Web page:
Take off the bottom cover. Take off the Hard drive cover Now remove the three screws under the hard drive that hold the drive's plastic housing in. Remove the screw that is right under the record button, now the drive house should be loose. Disconnect drive cable from board and remove drive and housing. Take off the plastic piece that has the zoom button, be sure to gently disconnect the wire. Remove rear piece. That screw marked with an arrow on the bottom, do not remove it! Now remove the thin metal piece to expose the flat cable. disconnect flat cable from board gently flex it out of the way so you can disconnect the cable behind it. Once you have both disconnected remove the circuit board. unplug the flat cable on the back side. Now remove the front piece. At this point you are nearly there! Now remove the metal housing that holds the lens assembly. Once removed remove the lens assembly by removing the three screws.
If you thought that was bad, this next part will scare you. Make sure you are in a very clean room with no fans blowing. Remove the CCD from the rear of the lens assembly by removing the two screws on the back that hold it in place. Remove the foam and square lens piece that were behind the CCD. On the side of the assembly is a screw that holds the top cover in, remove it and gently pry off the top cover.
looking inside you will find the following: on the CCD side is the focus lens. in the middle is the shutter On the side farthest from the CCD is a zoom lens.
On mine the zoom lens was not close to the shutter If your zoom lens is not close to the shutter then you likely have the same problem as I had and you can fix yours! If not, you likely have some other issue :-(
To fix mine I turned it over and I loosened the screws that held the motor and shaft for the zoom lens. Then I slid the zoom lens as far back as it would go towards the shutter. Then tightened the zoom lens motor and shaft mount. Put it all back together, installed battery and bingo it's working again!
Why did this fix the problem? Well there is a little sensor that tells the camera that the zoom lens is near the shutter. Each time you turn off the camera it always puts the lens in that "home" position. If the camera is turned on when the zoom lens is not in this "home" position then the camera seems to assume the zoom is broken and you end up with the infamous JVC stuck zoom issue.
My guess is this problem is caused by any of the following: 1. Removing the battery while the camera is turned on 2. Dropping the camera while it is on or off 3. Battery going dead while camera is in use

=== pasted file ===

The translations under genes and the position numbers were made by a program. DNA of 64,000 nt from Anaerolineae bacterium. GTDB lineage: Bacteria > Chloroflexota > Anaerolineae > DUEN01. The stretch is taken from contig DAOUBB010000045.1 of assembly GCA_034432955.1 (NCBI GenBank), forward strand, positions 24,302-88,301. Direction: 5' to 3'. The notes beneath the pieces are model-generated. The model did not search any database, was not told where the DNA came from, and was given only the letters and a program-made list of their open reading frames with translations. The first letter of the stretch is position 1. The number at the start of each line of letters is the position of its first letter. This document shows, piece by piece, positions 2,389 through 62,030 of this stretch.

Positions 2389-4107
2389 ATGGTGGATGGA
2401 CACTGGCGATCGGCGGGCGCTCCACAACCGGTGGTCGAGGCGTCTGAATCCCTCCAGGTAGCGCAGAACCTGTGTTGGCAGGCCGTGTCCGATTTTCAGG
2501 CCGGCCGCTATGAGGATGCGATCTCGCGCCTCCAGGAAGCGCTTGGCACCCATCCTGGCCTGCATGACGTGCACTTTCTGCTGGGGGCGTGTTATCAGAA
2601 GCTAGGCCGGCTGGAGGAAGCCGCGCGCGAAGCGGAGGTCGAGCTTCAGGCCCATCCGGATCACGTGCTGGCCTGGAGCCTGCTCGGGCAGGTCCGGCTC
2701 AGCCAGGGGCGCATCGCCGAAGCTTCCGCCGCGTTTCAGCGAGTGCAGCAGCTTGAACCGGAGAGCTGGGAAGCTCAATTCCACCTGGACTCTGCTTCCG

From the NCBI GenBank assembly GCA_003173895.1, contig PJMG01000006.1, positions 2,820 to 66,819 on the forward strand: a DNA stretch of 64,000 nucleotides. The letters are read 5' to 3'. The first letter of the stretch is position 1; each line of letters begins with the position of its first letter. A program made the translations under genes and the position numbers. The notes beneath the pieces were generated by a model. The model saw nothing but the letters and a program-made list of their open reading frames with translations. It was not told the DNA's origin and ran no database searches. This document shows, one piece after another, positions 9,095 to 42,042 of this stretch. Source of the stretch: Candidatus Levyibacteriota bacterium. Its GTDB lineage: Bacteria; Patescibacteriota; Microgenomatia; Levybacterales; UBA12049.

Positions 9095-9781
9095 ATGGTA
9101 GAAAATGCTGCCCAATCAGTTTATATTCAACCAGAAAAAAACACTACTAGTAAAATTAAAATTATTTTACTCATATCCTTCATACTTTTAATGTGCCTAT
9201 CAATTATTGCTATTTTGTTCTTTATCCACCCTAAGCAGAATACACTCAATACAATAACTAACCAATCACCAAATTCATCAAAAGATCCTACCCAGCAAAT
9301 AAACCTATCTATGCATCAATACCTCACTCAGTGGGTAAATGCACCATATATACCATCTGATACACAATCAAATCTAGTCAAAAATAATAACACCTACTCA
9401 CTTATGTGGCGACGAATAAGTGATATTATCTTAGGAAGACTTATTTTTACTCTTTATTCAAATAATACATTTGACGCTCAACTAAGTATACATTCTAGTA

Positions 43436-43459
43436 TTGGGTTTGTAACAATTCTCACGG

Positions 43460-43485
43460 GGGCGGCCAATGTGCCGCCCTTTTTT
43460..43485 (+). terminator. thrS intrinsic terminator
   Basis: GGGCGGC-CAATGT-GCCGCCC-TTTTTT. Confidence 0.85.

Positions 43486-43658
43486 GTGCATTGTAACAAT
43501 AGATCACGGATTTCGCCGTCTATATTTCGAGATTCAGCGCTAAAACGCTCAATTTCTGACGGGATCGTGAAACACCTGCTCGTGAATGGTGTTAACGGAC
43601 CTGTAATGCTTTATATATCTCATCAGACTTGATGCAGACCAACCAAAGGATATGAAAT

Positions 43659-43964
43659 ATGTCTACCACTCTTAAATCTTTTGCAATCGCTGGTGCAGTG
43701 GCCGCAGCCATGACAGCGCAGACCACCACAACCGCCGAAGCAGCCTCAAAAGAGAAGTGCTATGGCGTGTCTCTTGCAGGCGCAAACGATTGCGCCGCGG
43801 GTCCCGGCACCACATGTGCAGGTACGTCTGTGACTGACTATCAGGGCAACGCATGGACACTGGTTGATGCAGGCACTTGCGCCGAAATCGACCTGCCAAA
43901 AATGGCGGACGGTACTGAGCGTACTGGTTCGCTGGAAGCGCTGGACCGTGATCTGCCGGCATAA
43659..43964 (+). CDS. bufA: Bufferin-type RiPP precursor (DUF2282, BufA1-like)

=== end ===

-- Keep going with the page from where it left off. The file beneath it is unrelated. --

Final thoughts before you get started:
1. If you are not good at working with tiny parts or electronics, I wish you luck because you will need it. Might be better off printing these instructions and taking them with you to a repair facility and paying someone more familiar with this sort of work to fix it for you.
2. The ribbon cables are removed easily. Each one has a clamp that rotates to release the ribbon. Some rotate towards the ribbon to release, others work the opposite. It is quite obvious looking at them which ones go what way.
Yes, this is a strange issue. Have you dropped the unit, or maybe 'bumped' it or anything similar. I know alot of times, people like to 'hit' their unit, to get it to do things (like eject tape). What people don't realize, is that these machines are prone to damage when hit hard enough (just like anything else).
In any event, this is not an misconfiguration issue, and you won't be able to fix it. You would need to bring it in to a qualified service center for an estimate. Be sure to shop around to find the best price and service. Since parts for these are not cheap, and they are labor intensive.
I had this problem on this camera. I found the battery removal rechnique seemed to work for only a short while, then the problem would come back repeatedly. I looked into just buying a new one but when I explained the problem to a salesman in an independent camera shop, he asked me if I'd just tried hitting the top of the camera. Apparently the motor sometimes gets stuck. Since the camera was virtually useless I tried this (hit it 2 or 3 times quite firmly, near the lens and by the accessory shoe). Now it zooms in and out perfectly and so far hasn't reverted to its problem state.
Must try to give the camera shop some other business - maybe when I buy a new stills camera
Ive seen this three times and everytime its been something differant. Fist was the rocker switch was jammed. easy fix as dirt was in there. Second was a small serface maounted capacitor in the zoom interface circuit. An third never found the problem as we thought it was a limit switch in the lens itself but the customer never paid for a new lens assy so we didnt order it. Good luck